I knew the third day would be Dante-esque. Our itinerary had shown this was a 30km walk. (We declined the option of splitting it in two as completing it in one fell swoop would ensure an extra day in Santiago.)

Naturally it was the wettest day of the entire trip – a relentless grey drizzle heightening my Stygian gloom, but inspiring a spirit of camaraderie among the pilgrims as we trudged through muddy riverbeds, up and down dirt tracks, to Melide – our halfway stop where we wolfed down steaming bowls of pasta and milky coffees.

For the last gruelling 5km, barely able to speak, I whispered the word taxi, but my principled daughter was having none of it and we ploughed on, finally arriving in Arzua at Casa Teodora. A photo on the wall showed a previous guest, a smiling Mary McAleese. There we bumped into some of our 'compadres' who told us they took a taxi for the second half of the day.

The woman explained: "I'm on my holidays," completely missing the point. The Camino is emphatically not a holiday – it is a pilgrimage – it is meant to be arduous and uncomfortable and tiring. We were so pleased that we hadn't cheated. As Natasha pointed out, to have taken a taxi even for a couple of miles would have tainted every step of our Camino.

And the end was in sight. Through banks of eucalyptus silhouetted against a vivid cerulean sky in which the previous night's half moon still hung, on and on we walked, my lovely girl and I. Past suburbs and parks, roundabouts and malls, shops and cafes, and there finally it was. The cathedral – our Ithaca.

Later we toasted our epic achievement with a glass of cava in the old bar of the fabulous parador: the Hostal dos Reis Catolicos, it was founded in 1492 by monarchs Ferdinand and Isabella as a pilgrims' hospice.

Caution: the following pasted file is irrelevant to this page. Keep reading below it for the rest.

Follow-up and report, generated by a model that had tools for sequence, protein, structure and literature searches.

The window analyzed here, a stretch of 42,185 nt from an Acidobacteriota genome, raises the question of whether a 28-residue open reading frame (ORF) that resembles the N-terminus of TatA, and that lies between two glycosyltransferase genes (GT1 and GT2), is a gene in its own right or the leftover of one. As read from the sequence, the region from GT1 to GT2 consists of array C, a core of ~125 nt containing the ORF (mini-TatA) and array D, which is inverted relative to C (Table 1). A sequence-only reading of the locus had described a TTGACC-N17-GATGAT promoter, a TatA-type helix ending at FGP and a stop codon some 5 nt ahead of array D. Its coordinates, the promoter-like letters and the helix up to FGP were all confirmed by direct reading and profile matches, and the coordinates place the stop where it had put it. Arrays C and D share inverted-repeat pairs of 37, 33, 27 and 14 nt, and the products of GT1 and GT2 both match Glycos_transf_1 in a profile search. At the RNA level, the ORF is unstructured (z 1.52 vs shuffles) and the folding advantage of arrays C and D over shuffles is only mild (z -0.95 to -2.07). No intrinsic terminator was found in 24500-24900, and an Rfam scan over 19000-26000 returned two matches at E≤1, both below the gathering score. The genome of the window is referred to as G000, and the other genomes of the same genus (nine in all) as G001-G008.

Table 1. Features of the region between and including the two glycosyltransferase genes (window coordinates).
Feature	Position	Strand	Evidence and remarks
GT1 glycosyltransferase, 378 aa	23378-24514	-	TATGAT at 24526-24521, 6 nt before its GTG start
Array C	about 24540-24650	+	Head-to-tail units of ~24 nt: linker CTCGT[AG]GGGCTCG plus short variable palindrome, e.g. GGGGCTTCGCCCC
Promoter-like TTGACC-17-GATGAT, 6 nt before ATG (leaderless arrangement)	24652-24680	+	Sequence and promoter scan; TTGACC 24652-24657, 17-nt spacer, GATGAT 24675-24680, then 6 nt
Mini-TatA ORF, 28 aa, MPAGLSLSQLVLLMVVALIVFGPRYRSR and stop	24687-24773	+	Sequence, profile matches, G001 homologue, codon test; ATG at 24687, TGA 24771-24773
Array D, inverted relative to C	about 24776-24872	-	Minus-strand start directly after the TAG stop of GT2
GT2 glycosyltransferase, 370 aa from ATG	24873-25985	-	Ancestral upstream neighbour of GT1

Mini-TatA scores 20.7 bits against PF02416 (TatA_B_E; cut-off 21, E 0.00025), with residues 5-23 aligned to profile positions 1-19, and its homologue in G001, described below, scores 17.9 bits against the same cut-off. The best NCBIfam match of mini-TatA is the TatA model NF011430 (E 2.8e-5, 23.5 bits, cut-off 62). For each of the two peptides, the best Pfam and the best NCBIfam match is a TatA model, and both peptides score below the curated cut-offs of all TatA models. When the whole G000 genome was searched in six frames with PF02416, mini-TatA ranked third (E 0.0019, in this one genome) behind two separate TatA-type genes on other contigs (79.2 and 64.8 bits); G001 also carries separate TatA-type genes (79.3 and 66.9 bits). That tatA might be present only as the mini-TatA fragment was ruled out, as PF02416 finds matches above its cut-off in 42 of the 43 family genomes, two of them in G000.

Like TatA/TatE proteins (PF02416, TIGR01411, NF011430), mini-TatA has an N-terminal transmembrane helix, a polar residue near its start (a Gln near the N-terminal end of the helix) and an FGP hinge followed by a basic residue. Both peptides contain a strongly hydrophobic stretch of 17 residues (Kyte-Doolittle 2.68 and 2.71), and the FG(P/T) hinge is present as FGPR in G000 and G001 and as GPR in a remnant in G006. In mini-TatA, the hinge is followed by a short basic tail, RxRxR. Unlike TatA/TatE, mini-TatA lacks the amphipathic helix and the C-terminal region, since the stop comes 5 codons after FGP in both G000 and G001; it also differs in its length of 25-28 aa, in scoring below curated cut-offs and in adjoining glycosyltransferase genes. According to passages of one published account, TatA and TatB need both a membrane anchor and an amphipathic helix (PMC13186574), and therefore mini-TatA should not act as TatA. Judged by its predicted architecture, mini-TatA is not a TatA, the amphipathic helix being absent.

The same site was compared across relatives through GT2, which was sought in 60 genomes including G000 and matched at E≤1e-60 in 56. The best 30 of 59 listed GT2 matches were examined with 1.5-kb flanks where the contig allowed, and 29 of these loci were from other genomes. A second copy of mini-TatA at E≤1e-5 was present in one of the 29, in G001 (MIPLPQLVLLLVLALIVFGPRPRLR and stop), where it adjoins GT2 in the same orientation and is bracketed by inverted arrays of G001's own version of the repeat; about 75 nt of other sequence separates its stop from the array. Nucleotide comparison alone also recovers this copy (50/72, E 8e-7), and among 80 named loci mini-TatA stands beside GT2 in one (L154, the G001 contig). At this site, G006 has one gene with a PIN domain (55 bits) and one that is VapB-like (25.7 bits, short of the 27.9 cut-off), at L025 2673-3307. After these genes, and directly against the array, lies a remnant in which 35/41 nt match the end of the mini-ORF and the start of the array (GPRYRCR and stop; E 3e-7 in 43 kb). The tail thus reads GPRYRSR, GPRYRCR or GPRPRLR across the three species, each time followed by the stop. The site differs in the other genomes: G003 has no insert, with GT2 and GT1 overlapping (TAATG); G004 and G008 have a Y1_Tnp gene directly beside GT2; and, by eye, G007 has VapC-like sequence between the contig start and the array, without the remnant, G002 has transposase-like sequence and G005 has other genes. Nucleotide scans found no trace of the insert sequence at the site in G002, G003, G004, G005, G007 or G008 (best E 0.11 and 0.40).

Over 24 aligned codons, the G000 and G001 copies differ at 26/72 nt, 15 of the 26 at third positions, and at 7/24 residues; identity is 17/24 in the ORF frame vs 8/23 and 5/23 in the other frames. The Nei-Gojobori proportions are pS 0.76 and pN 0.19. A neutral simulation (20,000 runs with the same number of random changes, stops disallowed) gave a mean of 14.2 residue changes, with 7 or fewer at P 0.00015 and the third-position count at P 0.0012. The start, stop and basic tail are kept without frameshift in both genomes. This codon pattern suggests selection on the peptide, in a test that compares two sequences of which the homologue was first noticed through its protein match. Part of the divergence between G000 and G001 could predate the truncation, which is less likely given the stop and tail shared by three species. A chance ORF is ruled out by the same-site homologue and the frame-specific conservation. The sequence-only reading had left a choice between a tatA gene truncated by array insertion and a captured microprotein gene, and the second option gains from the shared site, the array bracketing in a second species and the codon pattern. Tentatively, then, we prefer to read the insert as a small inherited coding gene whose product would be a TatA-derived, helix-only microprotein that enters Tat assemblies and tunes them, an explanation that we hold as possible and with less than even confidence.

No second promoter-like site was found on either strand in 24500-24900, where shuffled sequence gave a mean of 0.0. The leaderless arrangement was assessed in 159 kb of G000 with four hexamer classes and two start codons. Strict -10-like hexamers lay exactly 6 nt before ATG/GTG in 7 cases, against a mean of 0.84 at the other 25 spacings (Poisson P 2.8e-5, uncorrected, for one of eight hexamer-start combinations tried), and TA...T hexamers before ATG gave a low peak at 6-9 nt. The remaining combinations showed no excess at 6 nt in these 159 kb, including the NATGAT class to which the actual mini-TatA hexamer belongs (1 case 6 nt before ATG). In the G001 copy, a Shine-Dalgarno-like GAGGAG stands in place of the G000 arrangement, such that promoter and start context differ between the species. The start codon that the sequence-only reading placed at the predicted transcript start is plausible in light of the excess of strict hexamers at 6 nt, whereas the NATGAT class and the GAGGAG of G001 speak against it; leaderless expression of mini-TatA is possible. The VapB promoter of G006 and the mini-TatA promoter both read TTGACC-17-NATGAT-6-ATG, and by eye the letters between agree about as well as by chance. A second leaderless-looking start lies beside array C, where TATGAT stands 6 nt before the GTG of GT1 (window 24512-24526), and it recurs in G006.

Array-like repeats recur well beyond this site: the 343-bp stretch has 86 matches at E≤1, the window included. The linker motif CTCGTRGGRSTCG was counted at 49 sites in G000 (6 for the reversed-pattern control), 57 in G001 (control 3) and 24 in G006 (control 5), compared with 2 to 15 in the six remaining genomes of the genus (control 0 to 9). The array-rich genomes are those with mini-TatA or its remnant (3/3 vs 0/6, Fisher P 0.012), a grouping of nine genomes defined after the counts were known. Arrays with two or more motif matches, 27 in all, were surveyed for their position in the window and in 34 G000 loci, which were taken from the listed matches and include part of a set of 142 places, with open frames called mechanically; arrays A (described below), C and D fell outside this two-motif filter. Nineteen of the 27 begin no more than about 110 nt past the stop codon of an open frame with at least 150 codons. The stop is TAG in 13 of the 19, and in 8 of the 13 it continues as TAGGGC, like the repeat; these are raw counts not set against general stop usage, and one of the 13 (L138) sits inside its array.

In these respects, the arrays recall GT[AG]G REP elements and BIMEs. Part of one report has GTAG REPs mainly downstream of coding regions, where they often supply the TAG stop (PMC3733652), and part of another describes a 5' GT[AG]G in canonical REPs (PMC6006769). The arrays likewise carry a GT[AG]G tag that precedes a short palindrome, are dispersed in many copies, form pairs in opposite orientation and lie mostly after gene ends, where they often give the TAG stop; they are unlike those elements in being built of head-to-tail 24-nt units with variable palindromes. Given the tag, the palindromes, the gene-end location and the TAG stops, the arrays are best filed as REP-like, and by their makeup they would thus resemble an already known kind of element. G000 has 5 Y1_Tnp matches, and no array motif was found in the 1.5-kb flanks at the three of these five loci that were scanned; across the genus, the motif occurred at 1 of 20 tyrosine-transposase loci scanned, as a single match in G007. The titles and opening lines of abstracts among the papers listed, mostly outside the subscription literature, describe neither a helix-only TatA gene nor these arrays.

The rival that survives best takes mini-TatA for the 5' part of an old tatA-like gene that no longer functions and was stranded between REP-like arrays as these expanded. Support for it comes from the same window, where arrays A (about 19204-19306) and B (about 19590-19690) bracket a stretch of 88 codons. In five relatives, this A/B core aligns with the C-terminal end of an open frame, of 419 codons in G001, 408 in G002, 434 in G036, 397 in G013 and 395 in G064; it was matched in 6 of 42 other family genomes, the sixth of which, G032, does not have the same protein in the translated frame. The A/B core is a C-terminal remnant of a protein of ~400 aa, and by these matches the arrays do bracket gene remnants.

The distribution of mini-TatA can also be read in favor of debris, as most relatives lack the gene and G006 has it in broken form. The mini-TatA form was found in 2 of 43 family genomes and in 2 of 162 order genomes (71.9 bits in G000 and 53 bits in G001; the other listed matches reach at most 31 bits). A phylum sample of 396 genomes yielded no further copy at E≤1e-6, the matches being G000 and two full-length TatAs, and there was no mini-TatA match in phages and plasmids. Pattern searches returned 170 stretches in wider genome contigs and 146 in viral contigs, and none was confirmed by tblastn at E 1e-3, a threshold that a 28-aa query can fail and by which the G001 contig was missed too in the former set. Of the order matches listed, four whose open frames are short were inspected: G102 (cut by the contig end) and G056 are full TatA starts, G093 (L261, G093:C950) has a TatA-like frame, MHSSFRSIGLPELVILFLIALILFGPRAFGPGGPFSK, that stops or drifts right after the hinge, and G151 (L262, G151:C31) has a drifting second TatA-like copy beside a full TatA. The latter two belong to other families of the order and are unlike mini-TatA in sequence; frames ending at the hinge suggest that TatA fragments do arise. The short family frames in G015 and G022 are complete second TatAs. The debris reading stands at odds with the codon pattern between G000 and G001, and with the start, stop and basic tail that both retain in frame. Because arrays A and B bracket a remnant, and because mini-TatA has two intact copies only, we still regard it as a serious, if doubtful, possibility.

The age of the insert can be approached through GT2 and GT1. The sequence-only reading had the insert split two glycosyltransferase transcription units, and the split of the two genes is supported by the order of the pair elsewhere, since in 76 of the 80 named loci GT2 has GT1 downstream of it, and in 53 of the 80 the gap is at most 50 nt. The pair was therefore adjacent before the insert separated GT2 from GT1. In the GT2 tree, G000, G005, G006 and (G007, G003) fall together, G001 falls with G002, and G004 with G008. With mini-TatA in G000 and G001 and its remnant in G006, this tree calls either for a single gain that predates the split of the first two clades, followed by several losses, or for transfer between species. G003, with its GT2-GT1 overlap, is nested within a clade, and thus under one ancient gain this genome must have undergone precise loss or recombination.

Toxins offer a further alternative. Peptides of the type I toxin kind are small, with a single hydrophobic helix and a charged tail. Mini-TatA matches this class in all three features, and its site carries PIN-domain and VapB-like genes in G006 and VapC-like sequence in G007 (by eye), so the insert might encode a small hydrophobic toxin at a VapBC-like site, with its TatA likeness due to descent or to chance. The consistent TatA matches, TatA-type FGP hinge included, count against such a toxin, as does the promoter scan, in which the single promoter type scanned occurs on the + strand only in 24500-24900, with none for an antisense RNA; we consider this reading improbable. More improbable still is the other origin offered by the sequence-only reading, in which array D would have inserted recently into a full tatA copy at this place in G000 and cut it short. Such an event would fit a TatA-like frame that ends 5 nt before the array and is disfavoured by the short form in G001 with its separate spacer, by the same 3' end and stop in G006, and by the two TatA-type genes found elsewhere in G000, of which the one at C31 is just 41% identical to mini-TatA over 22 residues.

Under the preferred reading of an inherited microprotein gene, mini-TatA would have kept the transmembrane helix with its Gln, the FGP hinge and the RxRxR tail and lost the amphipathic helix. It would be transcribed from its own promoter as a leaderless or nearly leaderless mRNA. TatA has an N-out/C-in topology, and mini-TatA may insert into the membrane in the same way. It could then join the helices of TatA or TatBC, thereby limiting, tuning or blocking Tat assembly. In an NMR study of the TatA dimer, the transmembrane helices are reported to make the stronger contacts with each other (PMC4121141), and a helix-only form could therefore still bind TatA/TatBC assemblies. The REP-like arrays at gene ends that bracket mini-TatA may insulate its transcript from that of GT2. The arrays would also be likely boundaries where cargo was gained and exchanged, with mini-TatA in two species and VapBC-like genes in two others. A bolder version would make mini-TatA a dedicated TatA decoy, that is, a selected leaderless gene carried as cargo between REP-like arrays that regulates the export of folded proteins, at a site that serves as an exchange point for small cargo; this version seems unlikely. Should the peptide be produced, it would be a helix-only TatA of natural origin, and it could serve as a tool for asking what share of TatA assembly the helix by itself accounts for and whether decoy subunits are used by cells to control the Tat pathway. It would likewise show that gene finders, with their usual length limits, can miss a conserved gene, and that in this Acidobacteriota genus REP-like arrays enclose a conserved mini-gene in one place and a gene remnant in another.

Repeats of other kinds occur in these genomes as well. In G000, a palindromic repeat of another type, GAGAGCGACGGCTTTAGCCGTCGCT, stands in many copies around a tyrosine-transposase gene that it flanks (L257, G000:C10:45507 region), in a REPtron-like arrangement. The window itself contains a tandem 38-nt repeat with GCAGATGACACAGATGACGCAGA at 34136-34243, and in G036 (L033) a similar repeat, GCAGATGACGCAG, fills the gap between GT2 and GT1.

Then we walked down the cobbled streets of this enchanting city for tapas of pimientos de padron and gambas in garlic – Magdalem and Natalis (our certificates carried our Latin names), still pilgrims at heart.

The Camino was one of the most profound experiences of my life.

Apart from spending quality time with my eldest child, getting sun and fresh air and exercise, raising money for charity and discovering an exquisite new city, my Camino reminded me how blessed I am and reinforced my belief that, with courage and humility and faith, we can make it through the challenging and difficult but rewarding and joyous terrain that is life.

GETTING THERE offers walking and cycling, self-guided and guided tours on the different routes of the Camino de Santiago, including the most famous trail: the French Way.

A classic seven-day Camino de Santiago experience covers the last 100km of the French Way to Santiago de Compostela, starting in the town of Sarria, in Galicia.

Prices for this trip start at €589 per person sharing (high season). Self-guided packages include accommodation, half-board meals and luggage transfers. Additional nights and hotel upgrades can also be arranged.

See or contact the team by phone 01 525 2886 or email